2. We are told he's an "enthusiastic brexiter" but there's no track record or eurosceptic pedigree. Just a collection of passionless anodyne brexitish statements. I honestly don't think he cares either way and that bothers me.
3. I dislike classical Brexiteers because they're foaming ideologues and thick as shit but at least I know where they stand. I don't know who Sunak is. He keeps his opinions close, keeping his nose clean for when the opportunity for promotion arises.
Read 8 tweets
23 Sep
Particularly it demonstrates that leavers were right in that national government are reduced to regional implementation agencies with no knowledge of, interest in, or control over regulation and external policy.
This was particularly evident in the indicative votes where Labour MPs voted for a customs union because they thought it had something to do with inspections at ports. Parliament was institutionally ignorant of the EU and little has changed since.
Remainers say we never lost control - but we certainly did by giving that control away and leaving it all for the eurocrats and civil servants to sort out - so key instruments of policy have been functioning on autopilot for decades with virtually no political scrutiny.
Read 8 tweets
22 Sep
1. When May's draft deal was published I was horrified by it. I momentarily became a no dealer. But it didn't take long to realise it was the only deal we were going to get and we couldn't afford not to take it.
2. Initially I was uncomfortable with the backstop. Though it wasn't a customs union, in conjunction with a future FTA, it had the makings of one and in so doing eroded some of the point of Brexit (if the backstop was ever activated).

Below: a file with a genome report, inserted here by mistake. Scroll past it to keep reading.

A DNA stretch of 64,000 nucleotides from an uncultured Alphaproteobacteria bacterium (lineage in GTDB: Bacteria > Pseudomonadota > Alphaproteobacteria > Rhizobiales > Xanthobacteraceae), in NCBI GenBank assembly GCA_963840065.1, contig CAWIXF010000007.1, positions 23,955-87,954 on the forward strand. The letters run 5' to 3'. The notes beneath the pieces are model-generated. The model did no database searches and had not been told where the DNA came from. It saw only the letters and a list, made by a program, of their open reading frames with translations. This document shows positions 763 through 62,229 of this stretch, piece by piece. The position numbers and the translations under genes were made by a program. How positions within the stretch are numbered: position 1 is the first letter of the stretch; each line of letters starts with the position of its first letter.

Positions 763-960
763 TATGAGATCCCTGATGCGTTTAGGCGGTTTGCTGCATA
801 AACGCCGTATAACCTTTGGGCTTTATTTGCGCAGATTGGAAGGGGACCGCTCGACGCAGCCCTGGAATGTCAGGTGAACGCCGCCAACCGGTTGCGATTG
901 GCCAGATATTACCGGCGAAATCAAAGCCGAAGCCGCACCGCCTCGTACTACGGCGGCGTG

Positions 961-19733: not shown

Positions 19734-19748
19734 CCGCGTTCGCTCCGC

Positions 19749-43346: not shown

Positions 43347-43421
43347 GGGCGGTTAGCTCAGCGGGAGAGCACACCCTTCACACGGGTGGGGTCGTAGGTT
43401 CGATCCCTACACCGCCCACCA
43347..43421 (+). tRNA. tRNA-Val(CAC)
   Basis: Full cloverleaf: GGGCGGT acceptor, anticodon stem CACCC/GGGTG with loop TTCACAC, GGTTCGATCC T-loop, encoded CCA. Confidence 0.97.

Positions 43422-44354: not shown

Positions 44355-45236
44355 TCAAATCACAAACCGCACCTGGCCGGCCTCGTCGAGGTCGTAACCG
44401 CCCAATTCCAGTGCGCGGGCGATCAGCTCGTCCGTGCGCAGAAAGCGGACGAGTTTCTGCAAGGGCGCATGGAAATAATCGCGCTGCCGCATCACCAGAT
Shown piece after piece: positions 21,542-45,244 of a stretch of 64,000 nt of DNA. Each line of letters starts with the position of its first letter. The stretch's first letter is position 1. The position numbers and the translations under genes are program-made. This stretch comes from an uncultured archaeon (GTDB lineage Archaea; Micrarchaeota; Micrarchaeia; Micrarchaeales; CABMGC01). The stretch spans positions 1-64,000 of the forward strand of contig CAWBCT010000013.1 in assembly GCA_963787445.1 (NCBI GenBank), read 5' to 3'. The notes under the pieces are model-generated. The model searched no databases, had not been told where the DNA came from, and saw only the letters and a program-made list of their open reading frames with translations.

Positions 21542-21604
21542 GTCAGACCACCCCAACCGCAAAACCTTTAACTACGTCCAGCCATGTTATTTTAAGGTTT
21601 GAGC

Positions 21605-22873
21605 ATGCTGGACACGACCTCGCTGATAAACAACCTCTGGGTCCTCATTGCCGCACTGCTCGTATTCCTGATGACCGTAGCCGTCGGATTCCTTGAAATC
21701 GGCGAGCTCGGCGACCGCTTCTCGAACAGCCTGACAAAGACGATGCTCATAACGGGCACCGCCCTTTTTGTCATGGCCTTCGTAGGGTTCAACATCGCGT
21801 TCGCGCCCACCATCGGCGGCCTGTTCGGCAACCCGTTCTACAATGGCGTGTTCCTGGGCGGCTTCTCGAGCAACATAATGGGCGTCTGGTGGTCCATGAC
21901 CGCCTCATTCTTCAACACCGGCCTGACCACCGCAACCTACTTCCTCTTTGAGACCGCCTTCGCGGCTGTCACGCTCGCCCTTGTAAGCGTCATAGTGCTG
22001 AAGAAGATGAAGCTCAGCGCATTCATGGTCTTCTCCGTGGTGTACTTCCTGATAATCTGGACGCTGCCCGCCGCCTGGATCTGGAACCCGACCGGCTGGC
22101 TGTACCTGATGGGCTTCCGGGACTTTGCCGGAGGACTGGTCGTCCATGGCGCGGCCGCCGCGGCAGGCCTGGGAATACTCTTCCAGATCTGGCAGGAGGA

3. Whether it would be is highly debatable but at least we had a loose political agreement to work towards phasing it out if it were. There was reason enough to assume good faith and it was within the realms if the possible.
Read 21 tweets
21 Sep
1. The key is and always has been effective contact tracing and enforced isolation. That system isn't working, so we're bound to lose control. One might argue that since we're never going to get to grips with it, we are as well just getting back to normal.
2. But the whole system rests on the impression that something is being done. If no official measures were being taken, people would take their own, using violence to enforce. If the state retreats, you get anarchy ... which is what we're beginning to get anyway.
3. The only credible exit plan is to be able to say we have an effective track and trace system in place, it is working, cases are declining (or will decline) so we can start to relax restrictions.
Read 12 tweets
17 Sep
What we're seeing isn't right wing authoritarianism. It's Johnsonism. A government that will go to any lengths to avoid owning up to its unforced errors. It's cowardly incompetence. If it was RWA it would at least be doing something halfway useful.
It could conceivably become RWA next year when Johnson has cocked everything up so badly he starts hemorrhaging votes by which time he'll turn his attention to immigration or crime, but largely headline populist policies they announce every few years but never amounts to anything
A real RWA government would look to confront wokeism in public institutions and take on the blob in academia. They would get round to deporting illegal immigrants, abolish the London mayor, scrap the supreme court and do away with the HRA.
Read 22 tweets
16 Sep
1. Methinks the Tory no deal plan B involves junking the WA with a view to weakening Ireland's place in the single market. The #InternalMarketBill essentially grants the UK government licence to place goods on the EU single market without authorisation. ...
2. It is assumed Ireland is then forced to put controls along the border - but it won't, invested so much politically in saying that can't happen. Instead it will institute certain behind the border controls notionally for the entire union, but in practice only for Ireland.
3. More than likely this will result in more stringent checks for goods travelling between Ireland and the mainland EU, instituting a market surveillance system where trucks will be inspected on the basis of risk. They'll soon work out which regular loads are kosher.
Read 12 tweets